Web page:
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Coca-Cola U.S. Challenges the IRS' Appropriateness of Transfer Pricing Methodolgy

Can of Coca Cola. They are challenging the IRS's appropriateness of Transfer Pricing Methodology.

8/22/2016

Transfer pricing is the setting of the price for goods and services sold between controlled or related legal entities within an enterprise. For example, if a subsidiary company sells goods to a parent company, the cost of those goods paid by the parent to the subsidiary is the transfer price.

In September 2015, Coca-Cola U.S. received a statutory notice of deficiency from the IRS for $3.3 billion for fiscal years 2007 to 2009. The IRS claims that Coca-Cola U.S. undercharged seven foreign licensees for intellectual property, mostly trademarks and formulas used in the production and sale of concentrates abroad. The foreign affiliates are located in Ireland, Swaziland, Brazil, Mexico, Chile, Costa Rica and Egypt. Coca-Cola responded to the IRS by filing a petition challenging the IRS’ proposed $9.4 billion income tax adjustment related to the company’s transfer pricing and the appropriateness of their transfer pricing methodology and noted certain inconsistences with prior audits.

Coca-Cola U.S. has followed the same methodology for determining their U.S. taxable income from foreign company operations for nearly 30 years. The IRS formally agreed to this methodology for tax years 1987 — 1995 and also approved the methodology during five successive audits through tax year 2006. A central issue in the dispute is whether the IRS properly relied on the comparable profits method (CPM) to allocate routine returns to the foreign licensees. Coca-Cola maintains that a 1996 closing agreement, which established a different method of allocating income between the licensees and the U.S. parent, should continue to apply.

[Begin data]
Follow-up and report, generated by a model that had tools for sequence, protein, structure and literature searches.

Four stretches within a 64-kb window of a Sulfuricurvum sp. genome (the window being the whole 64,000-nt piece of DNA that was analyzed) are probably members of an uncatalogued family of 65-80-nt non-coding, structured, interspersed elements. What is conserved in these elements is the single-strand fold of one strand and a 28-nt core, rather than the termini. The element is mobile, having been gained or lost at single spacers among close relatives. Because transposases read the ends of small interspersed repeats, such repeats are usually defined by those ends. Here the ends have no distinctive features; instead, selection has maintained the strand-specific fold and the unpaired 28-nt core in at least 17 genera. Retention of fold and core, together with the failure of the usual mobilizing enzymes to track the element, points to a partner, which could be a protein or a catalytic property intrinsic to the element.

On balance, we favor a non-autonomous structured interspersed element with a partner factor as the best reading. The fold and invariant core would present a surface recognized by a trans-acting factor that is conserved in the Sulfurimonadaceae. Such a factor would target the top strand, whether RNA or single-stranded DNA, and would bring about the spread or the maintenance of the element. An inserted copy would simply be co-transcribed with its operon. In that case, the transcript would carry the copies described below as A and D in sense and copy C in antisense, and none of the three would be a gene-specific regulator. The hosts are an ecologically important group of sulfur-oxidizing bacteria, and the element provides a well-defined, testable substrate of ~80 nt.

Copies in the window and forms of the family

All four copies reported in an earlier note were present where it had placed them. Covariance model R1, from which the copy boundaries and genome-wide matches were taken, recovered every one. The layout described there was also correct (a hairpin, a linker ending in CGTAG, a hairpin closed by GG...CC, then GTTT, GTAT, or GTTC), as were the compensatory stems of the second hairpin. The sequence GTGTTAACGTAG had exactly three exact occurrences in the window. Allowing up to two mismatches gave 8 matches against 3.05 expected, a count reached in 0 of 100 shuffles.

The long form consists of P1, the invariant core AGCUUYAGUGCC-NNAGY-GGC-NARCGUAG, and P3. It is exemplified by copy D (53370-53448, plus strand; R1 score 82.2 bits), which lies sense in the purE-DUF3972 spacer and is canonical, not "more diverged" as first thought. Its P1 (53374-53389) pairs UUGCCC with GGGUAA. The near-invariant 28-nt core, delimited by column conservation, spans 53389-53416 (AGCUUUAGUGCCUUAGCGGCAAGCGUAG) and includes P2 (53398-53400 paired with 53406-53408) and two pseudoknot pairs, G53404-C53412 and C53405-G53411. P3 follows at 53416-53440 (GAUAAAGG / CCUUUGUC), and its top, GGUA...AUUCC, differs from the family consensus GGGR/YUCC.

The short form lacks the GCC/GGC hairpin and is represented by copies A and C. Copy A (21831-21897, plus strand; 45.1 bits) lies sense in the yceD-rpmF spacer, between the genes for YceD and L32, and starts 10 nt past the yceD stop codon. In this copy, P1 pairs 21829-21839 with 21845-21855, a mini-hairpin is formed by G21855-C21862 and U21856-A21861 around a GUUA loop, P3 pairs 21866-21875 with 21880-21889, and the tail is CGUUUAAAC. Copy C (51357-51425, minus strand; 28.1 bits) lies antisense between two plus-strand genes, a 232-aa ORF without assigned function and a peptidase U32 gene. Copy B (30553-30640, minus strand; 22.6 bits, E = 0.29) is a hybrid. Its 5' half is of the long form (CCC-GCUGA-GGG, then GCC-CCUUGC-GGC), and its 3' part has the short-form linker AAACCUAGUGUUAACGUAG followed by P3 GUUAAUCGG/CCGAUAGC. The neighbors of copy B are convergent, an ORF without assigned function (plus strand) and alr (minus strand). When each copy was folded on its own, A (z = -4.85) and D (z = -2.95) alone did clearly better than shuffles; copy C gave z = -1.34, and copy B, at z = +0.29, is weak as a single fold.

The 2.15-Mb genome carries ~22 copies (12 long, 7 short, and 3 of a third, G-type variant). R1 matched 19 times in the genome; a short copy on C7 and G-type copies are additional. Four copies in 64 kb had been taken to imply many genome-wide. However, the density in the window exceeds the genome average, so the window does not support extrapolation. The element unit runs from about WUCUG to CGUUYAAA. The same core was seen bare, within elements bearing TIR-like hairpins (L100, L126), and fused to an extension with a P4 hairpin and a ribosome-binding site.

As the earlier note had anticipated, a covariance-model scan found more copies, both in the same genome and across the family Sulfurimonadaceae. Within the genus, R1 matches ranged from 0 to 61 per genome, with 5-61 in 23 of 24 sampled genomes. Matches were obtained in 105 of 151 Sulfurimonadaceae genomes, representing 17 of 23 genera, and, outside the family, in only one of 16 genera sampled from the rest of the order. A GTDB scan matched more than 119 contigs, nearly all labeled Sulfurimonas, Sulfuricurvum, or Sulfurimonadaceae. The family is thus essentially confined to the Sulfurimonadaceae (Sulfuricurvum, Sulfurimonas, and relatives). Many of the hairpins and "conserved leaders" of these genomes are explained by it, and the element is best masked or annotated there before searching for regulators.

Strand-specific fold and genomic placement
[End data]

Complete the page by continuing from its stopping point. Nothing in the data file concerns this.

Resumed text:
A central issue in the dispute is whether the IRS properly relied on the comparable profits method (CPM) to allocate routine returns to the foreign licensees. Coca-Cola maintains that a 1996 closing agreement, which established a different method of allocating income between the licensees and the U.S. parent, should continue to apply.

The significance of this case is that the IRS is now challenging positions taken and accepted in past years that are covered by closing agreements and in certain cases, advance pricing agreements. Businesses can expect that the IRS will be taking an aggressive stand on this issue and taxpayers should pay close attention to their existing business models and transfer pricing policies.

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